If you’re reading this you’re one of us. You see the patterns that no one else does. You find the answers to questions too bewildering for others to comprehend. But the deeper you dig, the more confusing things get. And then there are the shady characters who keep weaving through your journey. It’s a conspiracy, but you’re the only one who can see it! That path can lead only to madness. Or a movie. We all love a good conspiracy thriller, but we are mesmerized by a conspiracy plot where the answers one seeks may not exist in the material realm.
Under the Silver Lake, the latest film to explore a mystery that seems to defy the logic of science and reason, has been pushed back from its original June release date to December. Ostensibly it’s to give filmmaker David Robert Mitchell time to recut the movie. But could there be another, more sinister reason behind this delay? What exactly aren’t they telling us? Just who is really pulling the strings here?
Film critics and Seattle film mavens Robert Horton, Richard T. Jameson, Kathleen Murphy and Bruce Reid discuss Wonder Woman, David Lynch’s return to the Pacific Northwest Gothic of Twin Peaks, and home video releases of two classics: Nicholas Ray’s They Live By Night and Sam Peckinpah’s The Ballad of Cable Hogue.
These discussions are held in the screening room of Scarecrow Video on the second Friday of every month and are free to attend. The Seattle Channel records and presents many of these a few weeks later on the Seattle Channel.
David Lynch, the once boyish maverick of such dark, demanding, and confounding films as Blue Velvet and Lost Highway (not to mention the gentle, G-rated slice of slightly askew Americana, The Straight Story), is 60 now. You can see his age in has face and his graying hair (still wildly brushed as if trying to escape his head), but his output is, if anything, even greater now. He’s producing short films for his website, painting, even marketing his own signature coffee.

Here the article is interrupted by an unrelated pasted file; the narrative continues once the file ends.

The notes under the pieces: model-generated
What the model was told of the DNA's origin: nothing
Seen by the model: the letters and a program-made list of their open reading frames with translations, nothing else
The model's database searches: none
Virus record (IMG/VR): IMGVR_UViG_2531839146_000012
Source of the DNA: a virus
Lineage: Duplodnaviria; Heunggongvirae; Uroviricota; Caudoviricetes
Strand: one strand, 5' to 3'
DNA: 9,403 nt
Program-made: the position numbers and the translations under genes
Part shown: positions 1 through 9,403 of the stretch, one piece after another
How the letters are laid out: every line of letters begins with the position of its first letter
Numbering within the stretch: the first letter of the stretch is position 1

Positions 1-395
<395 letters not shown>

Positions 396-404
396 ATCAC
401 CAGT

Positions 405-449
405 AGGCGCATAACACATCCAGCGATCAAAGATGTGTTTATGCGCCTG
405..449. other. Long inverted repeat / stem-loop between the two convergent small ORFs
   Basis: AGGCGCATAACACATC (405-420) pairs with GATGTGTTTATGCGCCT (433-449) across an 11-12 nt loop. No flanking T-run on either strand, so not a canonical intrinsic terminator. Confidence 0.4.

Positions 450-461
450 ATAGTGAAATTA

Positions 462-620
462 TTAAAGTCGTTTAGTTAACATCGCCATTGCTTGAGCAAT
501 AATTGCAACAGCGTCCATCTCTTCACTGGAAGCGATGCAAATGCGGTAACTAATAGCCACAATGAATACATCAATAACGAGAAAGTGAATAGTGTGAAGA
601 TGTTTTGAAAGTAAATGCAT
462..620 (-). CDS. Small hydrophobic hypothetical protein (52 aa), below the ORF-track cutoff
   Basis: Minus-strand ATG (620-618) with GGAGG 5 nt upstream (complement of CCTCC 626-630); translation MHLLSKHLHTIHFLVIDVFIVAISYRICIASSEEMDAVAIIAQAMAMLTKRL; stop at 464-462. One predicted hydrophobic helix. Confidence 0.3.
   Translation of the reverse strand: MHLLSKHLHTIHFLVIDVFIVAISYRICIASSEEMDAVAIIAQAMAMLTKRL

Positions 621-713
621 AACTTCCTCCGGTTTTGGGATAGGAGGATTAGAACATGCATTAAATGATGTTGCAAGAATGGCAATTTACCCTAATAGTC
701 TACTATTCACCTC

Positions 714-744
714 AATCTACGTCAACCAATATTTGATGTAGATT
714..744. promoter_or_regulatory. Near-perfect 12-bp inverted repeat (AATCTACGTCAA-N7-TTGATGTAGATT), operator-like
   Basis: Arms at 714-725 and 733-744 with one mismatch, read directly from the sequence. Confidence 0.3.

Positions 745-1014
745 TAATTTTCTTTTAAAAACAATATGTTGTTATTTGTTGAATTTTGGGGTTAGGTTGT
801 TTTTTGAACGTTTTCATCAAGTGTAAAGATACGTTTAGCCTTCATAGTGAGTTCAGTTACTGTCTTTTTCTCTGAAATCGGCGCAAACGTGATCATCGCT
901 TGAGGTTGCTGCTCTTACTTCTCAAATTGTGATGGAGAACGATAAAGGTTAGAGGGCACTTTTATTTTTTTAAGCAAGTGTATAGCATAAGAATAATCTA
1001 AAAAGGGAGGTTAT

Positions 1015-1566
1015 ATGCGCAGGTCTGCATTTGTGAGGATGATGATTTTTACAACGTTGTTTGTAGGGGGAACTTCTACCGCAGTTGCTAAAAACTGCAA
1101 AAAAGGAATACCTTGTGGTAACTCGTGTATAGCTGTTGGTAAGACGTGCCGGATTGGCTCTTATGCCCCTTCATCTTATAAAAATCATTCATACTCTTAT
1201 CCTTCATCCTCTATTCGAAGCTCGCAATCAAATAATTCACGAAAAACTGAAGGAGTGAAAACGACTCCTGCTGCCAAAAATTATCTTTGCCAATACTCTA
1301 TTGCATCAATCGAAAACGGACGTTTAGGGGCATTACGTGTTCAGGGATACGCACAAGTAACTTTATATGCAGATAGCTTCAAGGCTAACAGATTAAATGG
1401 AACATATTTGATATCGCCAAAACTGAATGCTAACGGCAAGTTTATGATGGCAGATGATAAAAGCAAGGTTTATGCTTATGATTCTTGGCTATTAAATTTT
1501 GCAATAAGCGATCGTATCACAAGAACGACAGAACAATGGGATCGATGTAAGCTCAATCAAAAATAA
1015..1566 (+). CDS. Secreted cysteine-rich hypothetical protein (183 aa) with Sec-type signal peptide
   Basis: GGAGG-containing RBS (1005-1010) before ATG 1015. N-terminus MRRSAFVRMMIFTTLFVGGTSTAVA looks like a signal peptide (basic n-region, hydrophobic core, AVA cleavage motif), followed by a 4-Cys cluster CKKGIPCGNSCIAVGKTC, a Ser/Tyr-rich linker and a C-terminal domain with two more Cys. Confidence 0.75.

And he’s still making films the only way he knows how: his way. He made heady and dreamy three hour drama Inland Empire, shot totally on digital video (his first feature made in that format), with such Hollywood pros as Laura Dern and Jeremy Irons, yet financed and produced completely outside of Hollywood.
“It’s mostly common sense making films,” he insists. “You don’t need a studio. You need some money and you need ideas and then you go make your film.” He even bypassed the studio system to distribute the film independently. “There are many, many, many great theaters available to people and that’s the place where people see films,” he explains. “So if you can get your film into a theater, that’s all you need. And now you can make your own DVDs. If you have a conduit to stores, you put them down that conduit. Again, it’s a lot of common sense.”
Lynch came to Seattle in January 2007 to appear at a special preview screening of Inland Empire and talk at Town Hall on Transcendental Meditation and granted a few select interviews. Dressed in his trademark neat white shirt and simple black suit, he sat back for the interview with a cup of coffee within reach and an occasional cigarette between his fingers. Soft-spoken and pleasant, calm and confident, answering most questions with simple and succinct answers, he comes off as a gentle but eccentric elementary school teacher patiently trying to explain filmmaking and the creative process as if it were nothing more than basic addition and subtraction.
You wrote in your book, “Catching the Big Fish,” that you spent a lot of time in the woods while you were growing up. Is that where the settings and atmosphere of Blue Velvet and Twin Peaks came from?
Wood is an influence, but it wasn’t… I always pictured Blue Velvet as having lumber around it, but it was shot in North Carolina. But there’s a lot of lumber around in North Carolina, too, so it worked out. But I pictured it more as a Northwestern kind of town. Then when Twin Peaks came out, yeah, there’s things, but I wrote it with Mark Frost, he’s not from the Northwest. There’s always things about our childhood that ideas come from. So it was an influence for sure. The woods. Wood and woods.
Blue Velvet captured something I’d never seen any other movie do at that time. It presented what should be a simple and peaceful rural community and revealed this dark layer underneath the surface, not simply a criminal underworld but a moral underworld. And I had lived for a year in La Grande, Oregon, which Blue Velvet‘s Lumberton evoked perfectly for me.
There’s a dark layer underneath every community. Looking back, people made a big deal about Blue Velvet showing the surface and then something under the surface. Since then, if you see TV and newspapers, more and more has been revealed that was hiding there all along. I say the sickness is being revealed and people are dealing with it, which I guess is a good thing. So it’s not just La Grande, or it’s not just in Twin Peaks or Lumberton, it’s everywhere.